Library of New Ideas

Elkin Mathews & Marrot, Ltd. (London, UK)
Series dates: 1930-1931
Size: 4.5″ x 7″

Antiquarian book dealer Elkin Mathews and John Lane formed The Bodley Head in 1887 as a firm to sell antiquarian books. Primarily at the urging of Lane, works of “stylish decadence” were published by the firm starting in 1894. Mathews left soon afterward and continued to publish as Elkin Mathews Ltd. He died in 1921. The firm became Elkin Mathews & Marrot, Ltd. in 1926, separating the antiquarian book dealer from the publisher. Elkin Mathews & Marrot, Ltd. was acquired by publisher Ivor Nicholson & Watson, Ltd. in 1933 and by Allen Unwin in 1945.

The Library of New Ideas was first issued in 1930 at 3s. 6d. net per volume. The volumes were newly written for the series, and thus not reprints. The series prospectus proclaims:

“This is an age of critical examination from which no form of human activity, spiritual or material, can escape. The Library of New Ideas consists of constructively critical books upon matters concerning which no active mind can afford to be ill-informed. The Authors will be men and women with a thorough knowledge of their subject and a new outlook upon it. The majority of books at this price are reprints of previously published work, and the publication of this series which consists of new and unpublished material, at a low price, is a policy which will meet with wide appreciation.”

The series was not particularly successful, with only five titles published in 1930 and 1931.

1. New Wars: New Weapons, by Lt.-Com. The Hon. J.M. Kenworthy, R.N., M.P.
2. Tendencies Of Modern Science by Professor A. M. Low.

3. The Air And The Plain Man, by Colonel The Master of Sempill
4. Money Versus Man, by Professor Frederick Soddy
5. The Mystery Of Life, by Professor J. Butler Burke

This copy of The Mystery of Life by J. Butler Burke was #5 in the series, published in 1931. It was the last title in the series. Jackets are common to the series, with a distinctive design that can be found on many of the firm’s dust jackets at the time. Bold colors, distinctive patterns and, in this case, rather striking contrast between the light blue and brick red ink. The reversed-out typography is actually a bit difficult to read but is eye-catching (due to the strong figure-ground separation of the colors). The title and author and price (here reduced, via a printed sticker, to 2s. from 3s. 6d.) are on the spine, and the title and author on the front of the jacket. There is no indication of the series name. The front jacket flap includes the series name, series number (#5, the last in the series, in this case) and a blurb about the book. The price (3s. 6d) is printed on the lower right corner of the front jacket flap.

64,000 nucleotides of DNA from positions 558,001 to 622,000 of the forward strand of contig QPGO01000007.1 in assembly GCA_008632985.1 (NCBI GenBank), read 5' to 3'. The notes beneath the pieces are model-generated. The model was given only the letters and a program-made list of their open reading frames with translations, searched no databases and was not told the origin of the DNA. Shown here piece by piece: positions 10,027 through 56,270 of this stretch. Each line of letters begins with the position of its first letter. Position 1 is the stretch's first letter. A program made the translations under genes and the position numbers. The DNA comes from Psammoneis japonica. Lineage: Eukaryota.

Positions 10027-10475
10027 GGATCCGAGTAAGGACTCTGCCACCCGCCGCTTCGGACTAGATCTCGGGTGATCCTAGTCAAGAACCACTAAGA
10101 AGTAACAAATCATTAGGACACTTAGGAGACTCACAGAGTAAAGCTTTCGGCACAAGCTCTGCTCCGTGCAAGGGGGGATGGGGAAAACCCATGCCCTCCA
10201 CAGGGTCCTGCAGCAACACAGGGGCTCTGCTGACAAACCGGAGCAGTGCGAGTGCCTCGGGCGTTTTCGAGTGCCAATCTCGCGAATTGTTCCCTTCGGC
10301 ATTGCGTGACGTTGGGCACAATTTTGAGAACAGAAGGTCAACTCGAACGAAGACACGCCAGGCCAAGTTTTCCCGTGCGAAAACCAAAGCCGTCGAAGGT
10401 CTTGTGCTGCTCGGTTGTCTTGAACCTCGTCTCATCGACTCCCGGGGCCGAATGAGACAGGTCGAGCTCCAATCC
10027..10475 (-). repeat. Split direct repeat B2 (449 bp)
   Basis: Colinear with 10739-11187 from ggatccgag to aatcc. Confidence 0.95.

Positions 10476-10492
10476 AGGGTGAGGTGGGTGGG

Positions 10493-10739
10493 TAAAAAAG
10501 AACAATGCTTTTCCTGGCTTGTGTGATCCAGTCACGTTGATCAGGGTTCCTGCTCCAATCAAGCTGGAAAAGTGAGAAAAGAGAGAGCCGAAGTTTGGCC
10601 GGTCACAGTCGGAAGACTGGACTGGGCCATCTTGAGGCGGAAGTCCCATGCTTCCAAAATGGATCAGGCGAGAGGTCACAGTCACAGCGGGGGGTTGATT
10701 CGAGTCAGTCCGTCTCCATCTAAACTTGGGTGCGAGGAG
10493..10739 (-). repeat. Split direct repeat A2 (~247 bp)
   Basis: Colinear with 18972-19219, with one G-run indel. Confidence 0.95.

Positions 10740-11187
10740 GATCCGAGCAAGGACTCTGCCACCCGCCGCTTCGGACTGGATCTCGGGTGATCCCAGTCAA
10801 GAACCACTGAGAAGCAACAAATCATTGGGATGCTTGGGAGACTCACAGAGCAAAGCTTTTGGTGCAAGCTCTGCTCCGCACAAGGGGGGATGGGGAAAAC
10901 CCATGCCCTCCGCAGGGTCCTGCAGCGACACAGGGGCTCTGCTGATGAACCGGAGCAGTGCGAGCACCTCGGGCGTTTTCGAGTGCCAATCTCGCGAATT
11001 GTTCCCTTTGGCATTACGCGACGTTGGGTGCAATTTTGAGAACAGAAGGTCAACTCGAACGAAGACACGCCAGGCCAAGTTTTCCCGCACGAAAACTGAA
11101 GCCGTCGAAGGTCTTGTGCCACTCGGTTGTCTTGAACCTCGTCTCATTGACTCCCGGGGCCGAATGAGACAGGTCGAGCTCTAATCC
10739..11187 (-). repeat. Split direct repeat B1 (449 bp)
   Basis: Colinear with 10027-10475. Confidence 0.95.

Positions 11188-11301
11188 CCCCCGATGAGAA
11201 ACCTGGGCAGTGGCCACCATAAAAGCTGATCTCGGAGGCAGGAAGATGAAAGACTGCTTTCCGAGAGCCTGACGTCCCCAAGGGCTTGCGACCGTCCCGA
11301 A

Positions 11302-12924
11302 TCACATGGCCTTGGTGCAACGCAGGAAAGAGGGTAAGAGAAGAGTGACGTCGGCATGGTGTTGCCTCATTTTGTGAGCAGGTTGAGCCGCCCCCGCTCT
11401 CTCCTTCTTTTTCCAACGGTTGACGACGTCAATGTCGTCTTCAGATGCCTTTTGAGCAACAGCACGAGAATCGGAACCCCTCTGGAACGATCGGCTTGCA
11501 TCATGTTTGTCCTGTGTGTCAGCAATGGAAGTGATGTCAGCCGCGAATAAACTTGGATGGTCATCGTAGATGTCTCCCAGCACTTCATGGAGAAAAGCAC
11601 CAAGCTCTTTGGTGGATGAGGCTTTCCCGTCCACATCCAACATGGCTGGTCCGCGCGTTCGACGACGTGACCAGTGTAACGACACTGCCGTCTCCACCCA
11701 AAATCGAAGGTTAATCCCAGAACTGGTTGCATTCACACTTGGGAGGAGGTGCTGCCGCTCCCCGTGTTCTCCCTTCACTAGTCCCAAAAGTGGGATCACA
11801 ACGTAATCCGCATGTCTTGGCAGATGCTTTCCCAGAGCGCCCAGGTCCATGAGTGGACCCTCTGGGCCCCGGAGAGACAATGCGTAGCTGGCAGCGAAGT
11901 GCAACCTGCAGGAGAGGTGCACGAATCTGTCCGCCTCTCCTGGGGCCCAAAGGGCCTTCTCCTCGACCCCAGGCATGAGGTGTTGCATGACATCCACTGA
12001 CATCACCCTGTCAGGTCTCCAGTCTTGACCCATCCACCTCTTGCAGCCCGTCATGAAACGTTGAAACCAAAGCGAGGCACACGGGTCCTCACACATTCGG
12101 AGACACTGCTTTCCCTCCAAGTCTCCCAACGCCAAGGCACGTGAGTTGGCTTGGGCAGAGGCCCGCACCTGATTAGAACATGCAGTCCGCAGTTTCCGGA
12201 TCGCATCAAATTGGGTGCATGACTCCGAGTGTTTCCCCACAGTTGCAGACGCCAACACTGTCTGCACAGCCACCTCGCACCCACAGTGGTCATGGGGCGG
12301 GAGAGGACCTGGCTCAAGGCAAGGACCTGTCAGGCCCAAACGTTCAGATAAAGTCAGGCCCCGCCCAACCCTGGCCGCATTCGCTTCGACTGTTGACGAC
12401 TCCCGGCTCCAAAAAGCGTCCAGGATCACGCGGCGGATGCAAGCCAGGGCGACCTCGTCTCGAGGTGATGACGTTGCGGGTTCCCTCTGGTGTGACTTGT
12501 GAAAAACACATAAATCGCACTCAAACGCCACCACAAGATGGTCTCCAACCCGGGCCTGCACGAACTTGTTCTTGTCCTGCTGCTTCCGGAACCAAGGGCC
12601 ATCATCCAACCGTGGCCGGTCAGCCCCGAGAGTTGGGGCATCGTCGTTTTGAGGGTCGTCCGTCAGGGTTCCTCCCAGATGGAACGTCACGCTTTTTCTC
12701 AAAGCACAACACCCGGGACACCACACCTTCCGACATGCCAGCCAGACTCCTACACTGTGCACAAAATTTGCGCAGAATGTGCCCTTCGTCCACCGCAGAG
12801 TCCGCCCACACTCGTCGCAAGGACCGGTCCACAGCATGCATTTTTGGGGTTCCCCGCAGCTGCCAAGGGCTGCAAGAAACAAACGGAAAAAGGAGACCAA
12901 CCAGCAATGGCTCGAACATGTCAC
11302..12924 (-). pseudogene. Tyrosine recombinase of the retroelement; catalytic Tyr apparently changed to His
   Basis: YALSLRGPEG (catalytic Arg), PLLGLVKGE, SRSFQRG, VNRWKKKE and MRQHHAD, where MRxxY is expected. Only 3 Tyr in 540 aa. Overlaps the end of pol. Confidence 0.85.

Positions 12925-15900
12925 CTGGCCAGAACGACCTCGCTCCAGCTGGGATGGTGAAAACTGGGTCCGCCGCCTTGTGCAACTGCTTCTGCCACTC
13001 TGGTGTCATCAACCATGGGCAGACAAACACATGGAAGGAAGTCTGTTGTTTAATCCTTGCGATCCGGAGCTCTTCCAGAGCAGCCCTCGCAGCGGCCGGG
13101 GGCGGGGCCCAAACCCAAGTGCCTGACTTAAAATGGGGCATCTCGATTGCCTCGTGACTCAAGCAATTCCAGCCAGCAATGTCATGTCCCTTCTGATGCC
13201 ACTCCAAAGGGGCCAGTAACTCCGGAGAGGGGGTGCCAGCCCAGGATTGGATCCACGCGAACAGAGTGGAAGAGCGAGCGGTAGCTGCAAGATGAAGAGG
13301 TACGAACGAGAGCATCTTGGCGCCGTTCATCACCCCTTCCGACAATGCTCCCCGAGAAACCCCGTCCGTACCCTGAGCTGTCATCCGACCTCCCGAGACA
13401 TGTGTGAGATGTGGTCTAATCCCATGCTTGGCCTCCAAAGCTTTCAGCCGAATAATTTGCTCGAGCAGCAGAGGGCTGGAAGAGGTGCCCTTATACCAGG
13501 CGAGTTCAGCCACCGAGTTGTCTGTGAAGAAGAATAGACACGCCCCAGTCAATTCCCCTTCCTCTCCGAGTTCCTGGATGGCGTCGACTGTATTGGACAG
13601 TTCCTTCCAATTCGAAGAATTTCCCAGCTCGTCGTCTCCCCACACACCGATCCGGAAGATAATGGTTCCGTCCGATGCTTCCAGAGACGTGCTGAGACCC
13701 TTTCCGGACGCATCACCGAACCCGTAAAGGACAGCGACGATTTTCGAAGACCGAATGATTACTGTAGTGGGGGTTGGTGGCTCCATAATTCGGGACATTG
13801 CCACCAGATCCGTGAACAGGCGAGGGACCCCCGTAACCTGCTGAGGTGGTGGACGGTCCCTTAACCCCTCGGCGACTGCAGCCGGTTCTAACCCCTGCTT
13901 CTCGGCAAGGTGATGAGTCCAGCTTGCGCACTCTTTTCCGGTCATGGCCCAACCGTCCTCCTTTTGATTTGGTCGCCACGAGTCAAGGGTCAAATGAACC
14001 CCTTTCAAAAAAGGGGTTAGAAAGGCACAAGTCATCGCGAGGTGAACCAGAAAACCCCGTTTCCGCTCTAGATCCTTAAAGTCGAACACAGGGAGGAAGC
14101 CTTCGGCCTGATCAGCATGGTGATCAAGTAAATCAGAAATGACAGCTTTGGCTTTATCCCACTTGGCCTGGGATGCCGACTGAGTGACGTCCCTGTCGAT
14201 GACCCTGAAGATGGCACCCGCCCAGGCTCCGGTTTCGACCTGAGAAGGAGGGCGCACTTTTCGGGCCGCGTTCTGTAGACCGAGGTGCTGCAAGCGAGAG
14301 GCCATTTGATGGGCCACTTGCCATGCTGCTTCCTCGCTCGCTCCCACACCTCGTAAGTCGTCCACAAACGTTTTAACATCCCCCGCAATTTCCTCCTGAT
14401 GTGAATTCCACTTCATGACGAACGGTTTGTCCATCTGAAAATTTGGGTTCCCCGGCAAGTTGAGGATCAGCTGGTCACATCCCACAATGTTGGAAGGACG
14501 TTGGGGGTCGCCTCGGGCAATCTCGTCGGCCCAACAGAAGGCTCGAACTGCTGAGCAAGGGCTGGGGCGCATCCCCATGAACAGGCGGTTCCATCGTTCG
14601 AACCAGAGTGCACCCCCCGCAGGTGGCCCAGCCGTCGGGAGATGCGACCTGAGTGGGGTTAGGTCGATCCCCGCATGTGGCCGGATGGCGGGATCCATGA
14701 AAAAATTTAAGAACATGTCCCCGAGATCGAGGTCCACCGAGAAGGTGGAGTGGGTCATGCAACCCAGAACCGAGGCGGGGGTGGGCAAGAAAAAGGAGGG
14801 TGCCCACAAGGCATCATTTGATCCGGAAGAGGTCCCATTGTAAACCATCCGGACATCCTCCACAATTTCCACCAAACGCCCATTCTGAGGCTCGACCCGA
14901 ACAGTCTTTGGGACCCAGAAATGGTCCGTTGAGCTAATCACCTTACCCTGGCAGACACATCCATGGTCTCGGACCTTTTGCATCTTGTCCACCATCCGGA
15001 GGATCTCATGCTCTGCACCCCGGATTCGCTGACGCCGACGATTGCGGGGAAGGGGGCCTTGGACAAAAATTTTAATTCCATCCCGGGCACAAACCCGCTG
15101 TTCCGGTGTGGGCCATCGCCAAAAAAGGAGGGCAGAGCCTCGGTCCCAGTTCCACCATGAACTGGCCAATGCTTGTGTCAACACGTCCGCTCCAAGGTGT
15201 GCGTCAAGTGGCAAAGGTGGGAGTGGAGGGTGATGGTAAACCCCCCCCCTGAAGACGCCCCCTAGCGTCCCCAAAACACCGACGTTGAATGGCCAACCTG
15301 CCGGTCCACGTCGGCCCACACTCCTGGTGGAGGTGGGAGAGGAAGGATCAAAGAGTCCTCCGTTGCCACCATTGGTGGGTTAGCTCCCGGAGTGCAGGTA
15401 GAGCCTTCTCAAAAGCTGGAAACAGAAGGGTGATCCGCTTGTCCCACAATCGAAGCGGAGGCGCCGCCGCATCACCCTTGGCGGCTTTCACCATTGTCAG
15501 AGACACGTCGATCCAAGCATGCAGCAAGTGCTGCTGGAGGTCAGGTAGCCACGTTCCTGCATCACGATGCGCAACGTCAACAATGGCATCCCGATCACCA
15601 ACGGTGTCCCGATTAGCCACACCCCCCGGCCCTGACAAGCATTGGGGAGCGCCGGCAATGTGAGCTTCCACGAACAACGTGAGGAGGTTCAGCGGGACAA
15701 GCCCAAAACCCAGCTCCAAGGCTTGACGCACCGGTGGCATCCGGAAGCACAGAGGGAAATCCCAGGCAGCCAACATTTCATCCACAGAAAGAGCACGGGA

The front jacket design continues on the rear of the jacket. The series is blurbed on the rear jacket flap, and the five titles listed. “Other volumes in preparation” – but none appeared.

Basic red cloth binding with black printed typography and the Mathews & Marrot colophon at the base of the book’s spine:

The front free endpaper (ffep) has been torn out (usually to remove a gift inscription when the book was disposed of). The half title page includes only the book title.

The distinguished Professor Burke faces the title page. The year of publication (1931, in Roman numerals) is below the Mathews & Marrot imprint.

The copyright page includes a prospectus for the series (quoted in full above) and list of the five titles in the series.

The printer is included on the last page in the book: “Made and Printed in England by Purnell and Sons, Paulton (Somerset) and London.”